OU Medical School Expanding

Tuesday, February 12th 2008, 7:43 am
By: News On 6

The University of Oklahoma Medical School in Tulsa will be expanding and the School of Community Medicine will see a name change. The News On 6's Emory Bryan reports it's possible because of a big gift from the George Kaiser Family Foundation, designed to turn around some health trends showing Oklahomans are among the unhealthiest in the nation.

Oklahoma came in last in one study of preventative health care and avoidable use of hospitals. The University of Oklahoma wants to address some of the issues and now has some money to make it happen.

Allison Barnes isn't a doctor yet, but she will be soon. Barnes graduates in May from the University of Oklahoma Medical School.

"As a medical student, you get a lot more one-on-one attention in Tulsa because it's a smaller class; the faculty to student ratio is so much smaller," said OU Medical Student Allison Barnes.

The students who follow her will have an extra incentive: a one of a kind curriculum on community health, coupled with financial help to pay off student loans.

"It's quite a bit of money. To date, I think I've amassed about $130,000 worth of debt," said Barnes.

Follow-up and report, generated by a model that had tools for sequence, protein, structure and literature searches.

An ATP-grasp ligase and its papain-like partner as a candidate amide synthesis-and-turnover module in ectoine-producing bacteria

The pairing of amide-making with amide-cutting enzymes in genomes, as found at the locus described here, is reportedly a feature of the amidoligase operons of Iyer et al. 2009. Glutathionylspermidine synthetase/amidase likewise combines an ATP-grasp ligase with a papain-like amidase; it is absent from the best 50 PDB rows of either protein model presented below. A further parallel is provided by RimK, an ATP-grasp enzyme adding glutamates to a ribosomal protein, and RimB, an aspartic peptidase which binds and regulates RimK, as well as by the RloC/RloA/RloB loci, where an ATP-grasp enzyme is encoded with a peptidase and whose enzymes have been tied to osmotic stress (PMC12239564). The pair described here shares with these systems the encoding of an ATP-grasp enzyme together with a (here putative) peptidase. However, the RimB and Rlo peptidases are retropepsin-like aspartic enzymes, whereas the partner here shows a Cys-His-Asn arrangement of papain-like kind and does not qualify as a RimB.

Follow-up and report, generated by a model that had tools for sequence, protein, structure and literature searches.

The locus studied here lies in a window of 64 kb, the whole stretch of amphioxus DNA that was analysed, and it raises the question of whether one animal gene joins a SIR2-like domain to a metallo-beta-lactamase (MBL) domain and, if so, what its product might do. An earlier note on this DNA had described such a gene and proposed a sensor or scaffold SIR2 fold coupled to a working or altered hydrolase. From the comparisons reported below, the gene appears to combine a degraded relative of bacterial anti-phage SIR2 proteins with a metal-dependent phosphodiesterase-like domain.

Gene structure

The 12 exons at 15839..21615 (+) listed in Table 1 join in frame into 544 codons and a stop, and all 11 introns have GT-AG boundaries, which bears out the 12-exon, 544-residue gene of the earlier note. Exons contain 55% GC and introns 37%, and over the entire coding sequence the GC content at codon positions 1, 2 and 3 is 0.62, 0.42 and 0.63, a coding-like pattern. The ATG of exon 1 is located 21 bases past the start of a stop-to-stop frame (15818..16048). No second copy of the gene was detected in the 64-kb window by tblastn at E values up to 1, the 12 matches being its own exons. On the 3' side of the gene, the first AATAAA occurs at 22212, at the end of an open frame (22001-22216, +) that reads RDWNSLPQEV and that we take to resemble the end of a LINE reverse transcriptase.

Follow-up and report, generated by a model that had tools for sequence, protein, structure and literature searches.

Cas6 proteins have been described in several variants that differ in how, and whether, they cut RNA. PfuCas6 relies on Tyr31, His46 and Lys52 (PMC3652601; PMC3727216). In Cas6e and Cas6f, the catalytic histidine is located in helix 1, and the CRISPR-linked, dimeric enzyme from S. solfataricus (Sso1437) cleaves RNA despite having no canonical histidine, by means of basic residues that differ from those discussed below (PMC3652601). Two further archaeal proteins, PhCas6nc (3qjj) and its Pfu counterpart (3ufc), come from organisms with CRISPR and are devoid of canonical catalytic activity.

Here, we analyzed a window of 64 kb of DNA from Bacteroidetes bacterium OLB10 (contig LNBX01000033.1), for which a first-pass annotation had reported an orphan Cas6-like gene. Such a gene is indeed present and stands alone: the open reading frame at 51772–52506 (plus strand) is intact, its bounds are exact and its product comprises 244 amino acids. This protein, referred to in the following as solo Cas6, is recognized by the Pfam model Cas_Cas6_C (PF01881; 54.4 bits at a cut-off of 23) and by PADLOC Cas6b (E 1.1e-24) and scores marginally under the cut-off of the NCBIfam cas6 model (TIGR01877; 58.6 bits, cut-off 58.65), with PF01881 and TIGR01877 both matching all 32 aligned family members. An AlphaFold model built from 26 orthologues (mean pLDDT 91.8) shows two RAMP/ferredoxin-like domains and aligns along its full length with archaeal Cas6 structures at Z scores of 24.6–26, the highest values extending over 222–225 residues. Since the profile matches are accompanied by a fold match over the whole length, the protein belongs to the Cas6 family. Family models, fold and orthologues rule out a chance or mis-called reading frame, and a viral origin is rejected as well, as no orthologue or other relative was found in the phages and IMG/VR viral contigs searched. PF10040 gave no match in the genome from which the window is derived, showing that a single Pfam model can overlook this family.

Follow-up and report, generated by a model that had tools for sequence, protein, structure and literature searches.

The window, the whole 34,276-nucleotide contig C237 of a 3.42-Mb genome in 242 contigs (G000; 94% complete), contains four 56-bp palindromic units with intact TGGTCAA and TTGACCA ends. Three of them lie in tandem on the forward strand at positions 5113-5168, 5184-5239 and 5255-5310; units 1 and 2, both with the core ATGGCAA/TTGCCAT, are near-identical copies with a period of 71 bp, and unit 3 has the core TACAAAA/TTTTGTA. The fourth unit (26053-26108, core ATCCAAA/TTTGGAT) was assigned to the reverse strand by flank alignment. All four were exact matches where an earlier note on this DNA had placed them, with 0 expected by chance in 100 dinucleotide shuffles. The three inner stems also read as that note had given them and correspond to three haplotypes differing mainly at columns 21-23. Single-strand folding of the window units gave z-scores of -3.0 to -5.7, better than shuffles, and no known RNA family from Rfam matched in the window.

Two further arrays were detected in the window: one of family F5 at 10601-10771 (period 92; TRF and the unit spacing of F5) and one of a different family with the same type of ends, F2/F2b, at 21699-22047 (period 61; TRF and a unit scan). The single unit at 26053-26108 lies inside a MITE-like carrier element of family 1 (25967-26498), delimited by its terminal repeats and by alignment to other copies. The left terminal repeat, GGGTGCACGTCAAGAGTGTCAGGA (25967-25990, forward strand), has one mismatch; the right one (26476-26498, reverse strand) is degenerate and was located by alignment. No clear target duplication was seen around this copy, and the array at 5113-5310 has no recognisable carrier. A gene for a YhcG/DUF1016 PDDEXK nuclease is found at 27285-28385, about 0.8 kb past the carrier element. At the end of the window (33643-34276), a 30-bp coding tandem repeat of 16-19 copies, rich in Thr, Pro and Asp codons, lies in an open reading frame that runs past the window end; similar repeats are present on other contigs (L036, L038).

The $50 million donation from the George Kaiser Family Foundation will help expand the faculty and help the school attract medical students who are seeking this kind of training.

"And will continue that commitment as they set up and continue their practices in rural and urban areas of the state," said OU donor, George Kaiser.

"Our health care is very dependent on health insurance and those with it have greater access to care than those without," said Daniel Duffy M.D. with the OU School of Community Medicine.

At the clinic on the OU campus, where the future Doctor Barnes is training, they see how a lack on regular care impacts long-term health.

"What really impacts public health is the chronic disease, heart, vascular, diabetes, chronic pain, and chronic disabilities that hurt the public health and costs lots of money," said William Yarborough M.D. with the OU School of Community Medicine.  

By building up the medical school, OU can help change some of the health trends because they will have more doctors working in their free and low cost clinics. Then, the hope is that those doctors will stick around and continue their practice in Oklahoma.